Poems for the Rest of Us: Writing New Praise Poems, Anthems & Odes 4-Week Zoom Workshop, Starts Sunday, May 7th, 2023
Begins Sunday, May 7th, 2023
Class will meet weekly via Zoom on Sundays, 6:00PM EST - 8:00PM EST.
**This class will skip Mother's Day on May 14th and conclude on June 4th.**
Any questions about this class? Use the Chat Button (lower left) to talk with us.
Led by Joan Kwon Glass, the Korean American author of NIGHT SWIM (Diode Editions, 2022) and three chapbooks including IF RUST CAN GROW ON THE MOON (Milk & Cake Press, 2022). She serves as poet laureate for Milford, CT, as Editor in Chief for Harbor Review and as a Brooklyn Poets mentor.
Praise poems have traditionally been written for expected subjects, love letters to subjects and people that the majority readily agrees are worthy of admiration. In recent years however, revolutionary poets have written new praise poems, anthems and odes to the unexpected, the undefined, even the ugly and discarded.
In this four-week class, we will read and write traditional and experimental poems that alchemize, inspire and challenge. Using these revolutionary works as anchor texts, we write our own praise poems, redefining what and whom is worthy of praise. We will clear the fields of conformity in favor of luminescence.
This will largely be a generative writing class with time for discussion & sharing informal feedback. Students may submit one poem at the end of class for formal, written feedback from the instructor. We will learn specific techniques for writing praise poems and for developing one’s unique voice as a poet.
The instructor will offer generative writing prompts to use during class and at home throughout the course. Readings will include Franny Choi, Danez Smith, Ada Limon, Mary Rueffle, Lucille Clifton, Jared Harel, Li-Young Lee & many others.
R.B. Simon, author of The Good Truth and Not Just the Fire says about Joan’s class: “I found a whole new way to look at my work while being exposed to new and exciting poems I had not yet discovered. This launched me into a writing frenzy, producing several poems I hope to see published in my newest collection! Not only was there ample time for writing, exploring others’ work, and workshop feedback, but Joan’s guidance as a patient and wise instructor with a humble and encouraging demeanor helped to elicit the best from each poem and poet. Her support and insight have been instrumental in my growth in the craft of poetry, and I can’t recommend her highly enough.”
Session One: In this class, we will learn briefly about the history of praise poems as well as ways in which writers have subverted and reclaimed them. What subjects have praise poems traditionally focused on, and what unexpected people and topics might also be worthy of praise? What poems can help inspire our own brainstorming and writing processes in this vein?
Session Two: What makes the praise poem so unique and why is it a particularly effective form for uplifting what may have historically been disregarded? Today we will read and write poems that incorporate histories–our own and those to which we belong. We will take on our bodies, countries, families and the world. What do we find beautiful and how can pain be the catalyst for new definitions of beauty?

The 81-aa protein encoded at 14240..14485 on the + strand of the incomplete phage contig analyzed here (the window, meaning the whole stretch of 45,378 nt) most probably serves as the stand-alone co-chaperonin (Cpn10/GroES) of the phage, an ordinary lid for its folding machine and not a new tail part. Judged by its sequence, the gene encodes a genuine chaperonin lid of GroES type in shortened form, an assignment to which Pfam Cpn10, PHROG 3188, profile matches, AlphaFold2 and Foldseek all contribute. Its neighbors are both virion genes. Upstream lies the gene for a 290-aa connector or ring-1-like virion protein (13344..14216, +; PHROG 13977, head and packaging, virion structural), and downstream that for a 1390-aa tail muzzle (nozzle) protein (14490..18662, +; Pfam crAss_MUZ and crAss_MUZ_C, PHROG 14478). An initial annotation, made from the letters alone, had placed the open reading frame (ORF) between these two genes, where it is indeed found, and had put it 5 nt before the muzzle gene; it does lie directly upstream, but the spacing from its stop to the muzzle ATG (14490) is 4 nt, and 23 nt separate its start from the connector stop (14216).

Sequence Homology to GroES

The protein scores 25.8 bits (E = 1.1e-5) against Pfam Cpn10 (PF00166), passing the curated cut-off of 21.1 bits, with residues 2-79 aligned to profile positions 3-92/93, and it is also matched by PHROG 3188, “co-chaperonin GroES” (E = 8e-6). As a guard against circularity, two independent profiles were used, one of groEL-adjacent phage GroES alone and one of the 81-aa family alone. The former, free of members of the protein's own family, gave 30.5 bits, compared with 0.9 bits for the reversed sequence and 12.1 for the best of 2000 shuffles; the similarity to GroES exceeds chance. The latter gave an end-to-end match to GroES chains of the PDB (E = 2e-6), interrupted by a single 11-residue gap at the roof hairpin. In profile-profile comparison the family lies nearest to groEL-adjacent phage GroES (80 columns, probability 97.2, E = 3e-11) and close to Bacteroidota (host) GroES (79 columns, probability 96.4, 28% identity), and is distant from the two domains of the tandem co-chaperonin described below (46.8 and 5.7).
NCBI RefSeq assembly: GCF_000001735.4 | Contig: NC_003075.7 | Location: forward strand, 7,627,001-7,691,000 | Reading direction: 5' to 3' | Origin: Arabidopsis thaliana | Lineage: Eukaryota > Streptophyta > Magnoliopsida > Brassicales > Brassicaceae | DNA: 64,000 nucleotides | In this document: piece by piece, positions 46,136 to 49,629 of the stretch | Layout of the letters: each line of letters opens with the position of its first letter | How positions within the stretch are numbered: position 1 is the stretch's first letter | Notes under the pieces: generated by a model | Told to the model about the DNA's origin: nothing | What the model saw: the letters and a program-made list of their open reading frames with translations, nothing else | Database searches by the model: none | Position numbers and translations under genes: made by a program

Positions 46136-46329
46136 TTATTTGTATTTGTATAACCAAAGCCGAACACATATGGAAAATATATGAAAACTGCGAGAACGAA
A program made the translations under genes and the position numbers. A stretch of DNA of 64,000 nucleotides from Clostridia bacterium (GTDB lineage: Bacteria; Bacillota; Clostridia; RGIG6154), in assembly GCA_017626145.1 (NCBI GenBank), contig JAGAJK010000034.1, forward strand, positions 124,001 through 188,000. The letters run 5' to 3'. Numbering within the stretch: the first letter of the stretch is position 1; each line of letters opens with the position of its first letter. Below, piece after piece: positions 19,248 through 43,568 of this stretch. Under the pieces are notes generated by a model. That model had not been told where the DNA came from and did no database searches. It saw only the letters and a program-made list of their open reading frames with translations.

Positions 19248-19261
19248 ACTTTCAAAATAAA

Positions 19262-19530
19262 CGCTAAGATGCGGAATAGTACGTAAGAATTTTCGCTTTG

Session Three: Today’s session will focus on the concept of subversion and reclamation. We will examine the art of erasure and blackout poems, read and write erasures and blackouts of hymns, anthems, and song lyrics. How can erasure serve the nontraditional praise poem, and what can we create and recreate? Writers will have opportunities to use their own materials as well as have access to source material provided by the instructor.
Session Four: In our last class, we will bring all of our learning home and into possible futures. What future can we imagine that is deserving of new hymns? Today we will become futurists, visionaries rooted in pasts which cannot bind us. We will write an anthem to the country not yet born, a hymn to the versions of ourselves we have not met, a poem in praise of unimagined realities. We will discuss how to move forward as writers with the tools we now have to guide us.
ONLINE COURSE STRUCTURE:
- Instructor: Joan Kwon Glass
- Class Starts Sunday, May 7th, 2023
- This class will skip Mother's Day on May 14th and conclude on June 4th.
- Class will meet weekly via Zoom on Sundays, 6:00PM EST - 8:00PM EST.
Contact us HERE if you have any questions about this class.
Instructor Joan Kwon Glass is the Korean American author of NIGHT SWIM (Diode Editions, 2022) & three chapbooks including IF RUST CAN GROW ON THE MOON (Milk & Cake Press, 2022). She serves as poet laureate for Milford, CT, as Editor in Chief for Harbor Review & as a Brooklyn Poets mentor. Joan teaches on the faculty of Hudson Valley Writers Center, Brooklyn Poets & the International Women’s Writing Guild. Her work has won or been nominated for prizes such as the Pushcart Prize, Sundress Best of the Net, the Washburn Prize, Subnivean Award & Lumiere Review Award. Joan’s poems have been published in or are forthcoming in Prairie Schooner, Asian American Writer’s Workshop (The Margins), Rattle, RHINO, Dialogist & elsewhere.